HRD intervention is
key
in
leveraging
knowl-
edge among personnel.
This
leveraging
comes from
providing training,
2000 SAGE Publications. All rights reserved. Not for commercial use or unauthorized distribution.
by Robert Rothschild Espinar on November 7, 2007 http://adh.sagepub.com Downloaded from
101
but also from
evaluating
the overall
organizations
needs to
deploy
human resource
capabilities
and
knowledge.
&dquo;The trick to
managing
knowledge
is
developing
a staff with the
ability
to know what information
creates value&dquo;
(Mullin, 1996,
p.
56).
Technology
is an
important compo-
nent that enables the
management
of
knowledge,
but the
key players
are
still individuals within the
organizations.
Therefore,
the HRD role is
important
due to the nature of the disci-
pline
and its function in
managing knowledge
to
improve performance
and increase value.
Conclusion
In
1991, Ikujiro
Nonaka
said,
&dquo;In an
economy
where the
only certainty
is
uncertainty,
the one sure source of
lasting competitive advantage
is
knowledge&dquo;
(Greco, 1999,
p. 19). Beyond
that
definition,
and
given
the
current state of economics and business
management,
there is the fact
that
companies increasingly
have
adopted knowledge management prac-
tices of various sorts.
Davenport (1996) reports
that Buckman
Laboratories
spends
3.5
percent
of its revenues on
knowledge manage-
ment and that
McKinsey
& Co. has
long
had an
objective
of
spending
10
percent
of its revenues on
developing
and
managing
intellectual
capital.
A recent
survey reported
that 18.5
percent
of
managers
of the com-
panies
interviewed had a formal
knowledge management program
in
place (Management
Review, 1999).
That number reveals that the
major-
ity
of
companies
have not
yet explored
one of
todays
most
important
assets:
knowledge.
In a
fast-moving economy, managing knowledge
becomes a
key
strategic
element,
and HRD
professionals
have an
opportunity
to
support
the
strategic positioning
of firms.
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112
The Authors
Oscar A.
Aliaga,
a Peruvian
attorney,
has worked
extensively
in research
on conflict
management
and
organization development
at the Conflict
and
Change
Center,
University
of Minnesota. His areas of interest
include human
capital theory, knowledge management, training
and
diversity, strategic
human resource
development (HRD),
and
foreign
investment and HRD. He is a research associate and
adjunct faculty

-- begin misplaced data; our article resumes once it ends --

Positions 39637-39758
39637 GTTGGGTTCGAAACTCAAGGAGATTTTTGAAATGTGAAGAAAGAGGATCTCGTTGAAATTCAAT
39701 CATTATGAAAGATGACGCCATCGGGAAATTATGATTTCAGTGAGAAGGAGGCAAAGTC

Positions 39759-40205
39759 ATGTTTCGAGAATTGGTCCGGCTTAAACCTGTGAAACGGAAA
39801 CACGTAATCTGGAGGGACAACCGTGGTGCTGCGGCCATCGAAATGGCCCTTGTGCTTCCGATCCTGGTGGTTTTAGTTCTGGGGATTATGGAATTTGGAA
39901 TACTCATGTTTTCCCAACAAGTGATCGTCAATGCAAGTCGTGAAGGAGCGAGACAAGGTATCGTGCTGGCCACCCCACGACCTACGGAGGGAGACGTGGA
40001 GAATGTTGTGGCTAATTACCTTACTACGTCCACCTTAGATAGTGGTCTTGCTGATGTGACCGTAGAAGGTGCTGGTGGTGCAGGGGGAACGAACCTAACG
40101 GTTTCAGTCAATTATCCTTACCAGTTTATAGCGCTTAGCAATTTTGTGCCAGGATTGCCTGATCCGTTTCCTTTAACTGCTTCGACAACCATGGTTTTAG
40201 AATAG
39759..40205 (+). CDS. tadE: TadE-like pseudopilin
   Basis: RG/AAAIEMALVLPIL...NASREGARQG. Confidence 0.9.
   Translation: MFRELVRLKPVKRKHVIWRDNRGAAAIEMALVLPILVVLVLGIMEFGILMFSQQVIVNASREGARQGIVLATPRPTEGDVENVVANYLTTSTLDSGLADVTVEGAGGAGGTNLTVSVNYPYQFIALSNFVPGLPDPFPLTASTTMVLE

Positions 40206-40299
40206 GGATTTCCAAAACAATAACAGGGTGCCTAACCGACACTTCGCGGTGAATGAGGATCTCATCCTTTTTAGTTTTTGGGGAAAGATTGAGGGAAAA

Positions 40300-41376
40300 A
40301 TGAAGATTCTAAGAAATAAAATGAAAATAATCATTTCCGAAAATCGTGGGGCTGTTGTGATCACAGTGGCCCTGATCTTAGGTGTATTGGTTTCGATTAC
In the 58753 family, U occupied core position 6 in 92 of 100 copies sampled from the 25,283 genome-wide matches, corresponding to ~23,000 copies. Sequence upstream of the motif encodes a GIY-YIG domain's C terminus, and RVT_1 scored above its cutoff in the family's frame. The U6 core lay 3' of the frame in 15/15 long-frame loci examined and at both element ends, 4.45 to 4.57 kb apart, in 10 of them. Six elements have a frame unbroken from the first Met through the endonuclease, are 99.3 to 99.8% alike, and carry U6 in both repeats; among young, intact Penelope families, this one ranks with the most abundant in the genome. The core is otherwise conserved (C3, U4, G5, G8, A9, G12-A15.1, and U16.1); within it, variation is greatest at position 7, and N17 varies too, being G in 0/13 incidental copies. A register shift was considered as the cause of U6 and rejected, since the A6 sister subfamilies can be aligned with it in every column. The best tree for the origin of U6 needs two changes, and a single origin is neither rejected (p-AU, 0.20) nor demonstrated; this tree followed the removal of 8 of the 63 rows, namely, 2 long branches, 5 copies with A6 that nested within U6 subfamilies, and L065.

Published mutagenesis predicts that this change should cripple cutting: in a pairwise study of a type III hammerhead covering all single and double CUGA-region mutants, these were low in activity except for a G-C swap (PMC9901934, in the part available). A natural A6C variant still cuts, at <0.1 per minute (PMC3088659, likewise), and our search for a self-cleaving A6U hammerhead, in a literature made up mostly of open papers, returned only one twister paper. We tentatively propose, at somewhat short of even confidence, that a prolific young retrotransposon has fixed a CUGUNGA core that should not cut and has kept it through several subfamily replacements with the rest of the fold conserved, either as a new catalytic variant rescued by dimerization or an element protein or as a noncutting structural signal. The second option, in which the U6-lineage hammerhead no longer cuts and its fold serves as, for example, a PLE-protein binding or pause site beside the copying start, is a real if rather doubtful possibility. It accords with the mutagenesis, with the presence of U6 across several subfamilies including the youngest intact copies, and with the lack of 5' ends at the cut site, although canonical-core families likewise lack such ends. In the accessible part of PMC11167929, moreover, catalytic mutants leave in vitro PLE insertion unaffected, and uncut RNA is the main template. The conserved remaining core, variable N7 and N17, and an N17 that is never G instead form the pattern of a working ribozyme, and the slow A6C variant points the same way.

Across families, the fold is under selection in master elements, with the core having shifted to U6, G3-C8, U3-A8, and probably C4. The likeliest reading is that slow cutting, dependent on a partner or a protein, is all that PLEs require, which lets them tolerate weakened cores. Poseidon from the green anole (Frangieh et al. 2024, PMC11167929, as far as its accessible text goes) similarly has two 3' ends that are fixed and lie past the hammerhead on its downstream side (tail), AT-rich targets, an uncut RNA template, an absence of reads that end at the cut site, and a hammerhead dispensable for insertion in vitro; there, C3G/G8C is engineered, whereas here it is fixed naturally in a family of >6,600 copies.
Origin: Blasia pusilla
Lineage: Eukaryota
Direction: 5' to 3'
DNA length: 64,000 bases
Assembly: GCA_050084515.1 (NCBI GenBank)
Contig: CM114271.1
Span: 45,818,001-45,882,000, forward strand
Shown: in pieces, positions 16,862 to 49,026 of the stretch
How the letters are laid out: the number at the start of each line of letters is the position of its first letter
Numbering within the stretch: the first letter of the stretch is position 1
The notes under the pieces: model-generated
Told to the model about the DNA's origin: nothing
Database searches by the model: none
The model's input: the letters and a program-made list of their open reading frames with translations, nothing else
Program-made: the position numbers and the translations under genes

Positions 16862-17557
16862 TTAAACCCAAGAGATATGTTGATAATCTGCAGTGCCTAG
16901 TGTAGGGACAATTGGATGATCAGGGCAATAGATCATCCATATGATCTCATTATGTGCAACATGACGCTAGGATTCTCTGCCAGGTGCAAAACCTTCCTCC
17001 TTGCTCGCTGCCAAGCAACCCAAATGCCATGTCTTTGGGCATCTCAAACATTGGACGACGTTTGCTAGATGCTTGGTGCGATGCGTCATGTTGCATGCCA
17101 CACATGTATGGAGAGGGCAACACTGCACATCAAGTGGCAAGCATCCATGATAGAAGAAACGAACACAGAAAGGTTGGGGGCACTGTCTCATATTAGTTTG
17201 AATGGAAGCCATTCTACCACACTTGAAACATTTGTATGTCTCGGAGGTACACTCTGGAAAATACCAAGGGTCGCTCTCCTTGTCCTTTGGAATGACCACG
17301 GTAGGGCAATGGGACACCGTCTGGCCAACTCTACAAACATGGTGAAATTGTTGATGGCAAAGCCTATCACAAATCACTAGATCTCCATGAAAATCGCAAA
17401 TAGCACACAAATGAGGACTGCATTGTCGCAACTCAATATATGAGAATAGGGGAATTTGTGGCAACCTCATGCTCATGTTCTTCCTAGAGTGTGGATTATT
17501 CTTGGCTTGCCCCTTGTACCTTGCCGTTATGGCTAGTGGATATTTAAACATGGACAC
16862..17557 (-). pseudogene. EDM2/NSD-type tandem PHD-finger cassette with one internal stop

member at the
University
of Minnesota and Ph.D. candidate in HRD.
Louise Harris is the
manager
of
organizational
effectiveness at Deluxe
Corporation,
where she is
responsible
for executive
leadership develop-
ment,
succession
planning,
and
organizational capital
efforts. Harris is
also a Ph.D. student in HRD at the
University
of
Minnesota,
where her
focus is on intellectual
capital, knowledge management,
and
systems
thinking.
Richard W.
Herling
is the
principal training
consultant and
training
business unit
manager
for
Metsys Engineering,
a
consulting group
that
develops
customized
training programs
and materials focused on devel-
oping
worker
expertise
and
improving performance. Herling
is also a doc-
toral student in the
University
of Minnesotas human resource
development program,
where the focus of his research has been on the
development
of
organizational expertise.
Richard A. Krohn is director of workforce
development
for the
Minnesota
chapter
of the Associated General Contractors of America.
Prior to
this,
he worked for an international
general
contractor in a num-
ber of different
management
roles,
including corporate safety
director
and technical
training manager.
Krohn is also a doctoral student in the
University
of Minnesotas Human Resource
Development program.
Joanne
Provo leads a
practice
area at Personnel Decisions International
that focuses on human
capital strategy
and measurement. Her research
interests are human
capital strategy
and
demonstrating
the
impact
that
2000 SAGE Publications. All rights reserved. Not for commercial use or unauthorized distribution.
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113
HRD investments have on value creation for
organizations.
Provo
received her Ph.D.
degree
in human resource
development
from the
University
of Minnesota.
Richard
J.
Torraco is assistant
professor
of human resource
development
in the
Department
of Educational Administration at the
University
of
Nebraska-Lincoln. Torraco also coordinates the HRD
graduate program
at the
University
of Nebraska. His research activities include
theory
build-
ing
in
HRD,
HRD and
performance improvement,
and the
changing
nature of work and careers.